Yes, another review on Matthew Reilly. It should not be unexpected, not in the least. Reilly happens to be one of the best authors in my collection, with a myriad repertoire of plots and invincible heroes, it is impossible for him to falter in this regard. Temple is one of his best novels, blending adventure and history into a chilling tale of apocalyptic dangers, and the unexpected heroics of the humble professor. It would not be a Reilly novel if the protagonist failed to achieve great feats of strength and intelligence, and History Professor William Race does not disappoint an audience eager for the bold and daring survivals that boggle the mind. Unlike Jason Chaser and his determination, or Scarecrow and his extreme reflexes, Race is a different kind of hero. Deep in the jungles of Peru, Race is involved in a race to control an ancient Incan idol, and losing could mean the end. For the World. Race and the team of Berets, DARPA scientists and their leader, Retired Army Colonel Frank Nash, are competing with players they didn't even know were in the game. Reilly weaves a fascinating tale, alternating between the modern day fight, and a daring quest by a 6th century Incan prince and his Spanish missionary companion, who narrates the tale in a manuscript that guides Race and his companions through the forest. A link is seen between the protagonists of each story, with Race and the Incan Prince Renco, the Chosen One, protector of the sacred idol, a triangular birth mark under the left eye, feats of agility and balance like the revered jungle cats and much more. However, Reilly proves once again, that he can keep the story both interesting, and fast pace. Race gains the empathy of the readers as he is betrayed on all sides, and demonstrates his own keen intelligence as he sees solutions that no others can manage, even with his limited information on the mission. In usual style, Reilly commands the ability to keep the action coming, whether he is threatening the Earth with a nuclear weapon that could blow a big enough hole in our mass to send us spinning into space, or his protagonist is surviving nuclear blasts, he keeps his readers on their toes. But climatic tension is not Reilly's only skill. Reilly possesses the unique ability to feed the reader seemingly insignificant information, that becomes an important story arc, creating such a real background to the story, it makes one wonder if Reilly truly writes fiction, or if somewhere in the world, a SuperNova exists. Temple is the perfect demonstration of Reilly's ability to make history real, unlike his current historical novels, Seven Ancient Wonders and Six Sacred Stones, it is written in a first person narrative, as a sub arc, creating a realistic view of the 6th century through Alberto Santiago's words and he skilfully keeps the two stories running in tandem. Temple is one of Reilly's best efforts, and rates at the top of his collection, I would definitely recommend it to any readers with an interest in history, action packed stories or the transformation of the everyday Joe into a hero.”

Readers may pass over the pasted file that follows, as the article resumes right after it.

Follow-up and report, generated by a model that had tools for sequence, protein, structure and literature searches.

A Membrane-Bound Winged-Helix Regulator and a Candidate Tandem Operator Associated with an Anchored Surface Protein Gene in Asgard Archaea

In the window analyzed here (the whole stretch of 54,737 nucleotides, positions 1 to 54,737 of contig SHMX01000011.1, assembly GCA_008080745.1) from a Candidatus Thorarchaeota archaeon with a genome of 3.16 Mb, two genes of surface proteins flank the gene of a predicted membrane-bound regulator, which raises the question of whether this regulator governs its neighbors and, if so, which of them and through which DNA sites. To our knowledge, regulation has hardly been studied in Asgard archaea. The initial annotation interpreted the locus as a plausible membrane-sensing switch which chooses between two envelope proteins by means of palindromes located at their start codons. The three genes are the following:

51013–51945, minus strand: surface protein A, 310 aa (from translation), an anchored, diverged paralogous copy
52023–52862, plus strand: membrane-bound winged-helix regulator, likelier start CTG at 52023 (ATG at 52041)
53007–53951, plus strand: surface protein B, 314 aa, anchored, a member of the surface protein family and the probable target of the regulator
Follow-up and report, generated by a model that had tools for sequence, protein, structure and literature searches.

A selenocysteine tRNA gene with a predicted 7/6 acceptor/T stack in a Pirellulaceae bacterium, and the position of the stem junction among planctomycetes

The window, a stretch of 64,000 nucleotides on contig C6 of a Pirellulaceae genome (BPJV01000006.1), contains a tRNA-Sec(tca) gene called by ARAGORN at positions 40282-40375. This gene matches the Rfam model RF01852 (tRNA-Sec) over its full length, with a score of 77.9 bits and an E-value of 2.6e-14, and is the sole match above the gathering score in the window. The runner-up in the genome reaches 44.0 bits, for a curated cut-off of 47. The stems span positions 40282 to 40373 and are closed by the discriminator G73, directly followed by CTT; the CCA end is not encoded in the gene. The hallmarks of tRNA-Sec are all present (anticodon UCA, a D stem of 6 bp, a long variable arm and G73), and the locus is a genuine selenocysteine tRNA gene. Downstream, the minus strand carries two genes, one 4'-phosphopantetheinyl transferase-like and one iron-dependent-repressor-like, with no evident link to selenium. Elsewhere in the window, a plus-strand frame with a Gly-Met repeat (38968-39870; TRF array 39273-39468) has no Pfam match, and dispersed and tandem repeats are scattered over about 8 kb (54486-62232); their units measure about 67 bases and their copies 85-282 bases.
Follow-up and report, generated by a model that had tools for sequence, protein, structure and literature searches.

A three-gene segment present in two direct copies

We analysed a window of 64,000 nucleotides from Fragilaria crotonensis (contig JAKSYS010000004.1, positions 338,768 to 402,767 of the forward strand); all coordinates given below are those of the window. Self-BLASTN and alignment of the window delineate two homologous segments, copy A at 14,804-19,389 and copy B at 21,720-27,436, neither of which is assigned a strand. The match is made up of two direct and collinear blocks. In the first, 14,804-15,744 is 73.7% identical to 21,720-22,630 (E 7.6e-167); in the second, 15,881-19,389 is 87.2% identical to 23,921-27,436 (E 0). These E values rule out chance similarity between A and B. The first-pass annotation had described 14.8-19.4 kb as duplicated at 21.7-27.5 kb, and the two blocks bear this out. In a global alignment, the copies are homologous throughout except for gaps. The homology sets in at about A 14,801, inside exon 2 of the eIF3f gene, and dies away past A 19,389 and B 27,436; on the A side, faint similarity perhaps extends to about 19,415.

“Very interesting story”Ljiljana M wrote this review Sunday, August 15, 2010. ( reply | permalink ) Was this review helpful? Yes | No
“A typical Matt Reilly adventure....adrenaline, action, nuclear explosion, green berets, navy SEAL, all of this backed by an interesting storyline....”DEE KAY wrote this review Thursday, August 12, 2010. ( reply | permalink ) Was this review helpful? Yes | No
“Four centuries ago, a precious idol was hidden in the jungles of Peru. To the Incan people, it was still the ultimate symbol of their spirit. To William Race, an American linguist enlisted by the U.S. Army to decipher the clues to its location, it's the ultimate symbol of the apocalypse...Carved from a rare stone not found on Earth, the idol possesses elements more destructive than any nuclear bomb-a virtual planet killer. In the wrong hands it could mean the end of mankind. And whoever possesses the idol, possesses the unfathomable-and cataclysmic-power of the gods...Now, in the foothills of the Andes, Race's team has arrived-but they're not alone. And soon they'll discover that to penetrate the temple of the idol is to break the first rule of survival. Because some treasures are meant to stay buried...and forces are ready to kill to keep it that way...AUTHORBIO: MATTHEW REILLY was born in 1974 and studied law at the University of New South Wales. At twenty-four, he has written three novels, several screenplays, and has had a few magazine articles published. In 1999, he sold the film rights to his first novel, the action-packed, sci-fi extravaganza, Conquest. His other novels include Ice Station and Temple. He lives in Sydney, Australia.”Evelyn C wrote this review Thursday, August 12, 2010. ( reply | permalink ) Was this review helpful? Yes | No